Regardless, aside from the number of massive corporations that control all aspects of our daily lives shrinking down to an even more terrifyingly small number, this merger might not be a bad thing. There are opportunities here. It’s almost worth embracing the Big Brother aspect of it all just for the sweet rewards of getting the original Star Wars edits in HD or getting to hear Captain America drop an f-bomb. Then again, I suppose that’s the exact type of deal with the devil required to inch our way towards that sci-fi dystopia we all know is inevitable. Sigh…this is a tough nut to crack. Entertainment over evil empire? Hmmm…how’d this debate end with the Internet again? Has Google changed its name to Skynet yet?


Liked this article and want to read more like it? Check out Phil’s take on Blade Runner 2049, Happy Death Day, and It! He also had a chance to sit down with Guillermo Del Toro. Check out his interview here!

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Marvel Announces Inhumans TV Series for Fall 2017

Marvel Announces Inhumans TV Series for Fall 2017

Marvel Television announced plans to bring the Inhumans to ABC as a television series in 2017 as part of the Marvel Cinematic Universe. The story is confirmed to follow the mute hero Black Bolt and his royal family, but details on the cast and showrunner are yet to be announced. In a completely new release strategy for television, the first two episodes will be shown exclusively in IMAX theaters for two weeks at the beginning of September 2017. The series will then run weekly in the fall on ABC, with exclusive content that can only be seen on the network.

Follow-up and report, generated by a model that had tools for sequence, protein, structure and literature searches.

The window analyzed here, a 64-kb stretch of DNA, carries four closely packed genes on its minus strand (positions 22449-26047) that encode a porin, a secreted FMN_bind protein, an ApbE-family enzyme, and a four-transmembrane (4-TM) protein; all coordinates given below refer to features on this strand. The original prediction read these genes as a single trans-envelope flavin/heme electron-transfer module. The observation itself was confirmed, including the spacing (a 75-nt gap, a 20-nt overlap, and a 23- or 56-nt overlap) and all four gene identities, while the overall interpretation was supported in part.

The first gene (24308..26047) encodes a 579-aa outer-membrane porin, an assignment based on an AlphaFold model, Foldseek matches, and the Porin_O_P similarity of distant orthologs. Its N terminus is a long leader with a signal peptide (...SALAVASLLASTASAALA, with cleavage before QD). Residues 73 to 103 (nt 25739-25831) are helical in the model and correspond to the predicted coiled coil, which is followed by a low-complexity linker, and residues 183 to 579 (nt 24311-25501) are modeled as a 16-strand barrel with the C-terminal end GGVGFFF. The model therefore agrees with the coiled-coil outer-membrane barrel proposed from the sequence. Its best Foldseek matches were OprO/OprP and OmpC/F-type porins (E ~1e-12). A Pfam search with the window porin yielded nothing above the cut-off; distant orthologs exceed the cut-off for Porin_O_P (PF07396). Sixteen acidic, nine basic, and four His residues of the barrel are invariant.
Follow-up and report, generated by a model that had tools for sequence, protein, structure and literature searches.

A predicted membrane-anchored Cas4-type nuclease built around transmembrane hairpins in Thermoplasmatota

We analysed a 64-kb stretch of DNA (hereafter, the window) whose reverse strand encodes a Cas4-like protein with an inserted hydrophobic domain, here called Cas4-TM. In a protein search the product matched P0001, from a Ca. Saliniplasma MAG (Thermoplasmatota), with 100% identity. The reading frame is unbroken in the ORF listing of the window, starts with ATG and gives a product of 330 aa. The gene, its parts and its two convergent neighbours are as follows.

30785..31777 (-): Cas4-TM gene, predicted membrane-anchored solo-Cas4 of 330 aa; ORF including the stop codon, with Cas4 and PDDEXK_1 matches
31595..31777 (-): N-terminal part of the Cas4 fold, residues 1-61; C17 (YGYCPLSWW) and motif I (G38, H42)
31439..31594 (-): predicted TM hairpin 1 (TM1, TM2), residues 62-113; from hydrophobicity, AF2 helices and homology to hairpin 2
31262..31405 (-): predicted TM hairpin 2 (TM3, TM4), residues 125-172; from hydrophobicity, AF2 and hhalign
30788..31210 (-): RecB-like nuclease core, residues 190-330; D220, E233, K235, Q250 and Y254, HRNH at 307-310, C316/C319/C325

Originally created by Stan Lee and Jack Kirby, the Inhumans are primitive humans who were experimented on by the alien Kree race – who are already established in the MCU via appearances in Guardians of the Galaxy and Agents of S.H.I.E.L.D. – and given advanced intelligence. The Kree forgot about their creations and eventually they formed their own civilization in a walled city on an island in the Atlantic sea. They discovered a substance called “terrigen” that gave them superpowers or bizarre appearances, and based their entire culture around their use. The series follows Black Bolt, the king of the Inhumans whose voice is so powerful that he destroys cities when he speaks, and other members of his Royal Family.

Marvel initially announced an Inhumans film to be released in 2019, but after a delay it was taken off the release calendar entirely. The Inhuman race has been crucial in the plot of Agents of S.H.I.E.L.D., though it is unknown if this series will connect to other Marvel television offerings. This will be Marvel’s third show on ABC, after the still running Agents of S.H.I.E.L.D. and the cancelled Agent Carter, and joins Iron Fist, The Punisher, Cloak and Dagger and Runaways on Marvel’s announced upcoming TV slate.

Ranking the Best Marvel Cinematic Universe Films

Ranking the Best Marvel Cinematic Universe Films 2

This week, the folks at the Marvel movie factory are hoping that 13 is their lucky number with Captain America: Civil War. The massive blockbuster represents the culmination of 8 years and 13 movies worth of episodic storytelling that transformed summer movie season into a grand comic book movie experiment.

Read moreRanking the Best Marvel Cinematic Universe Films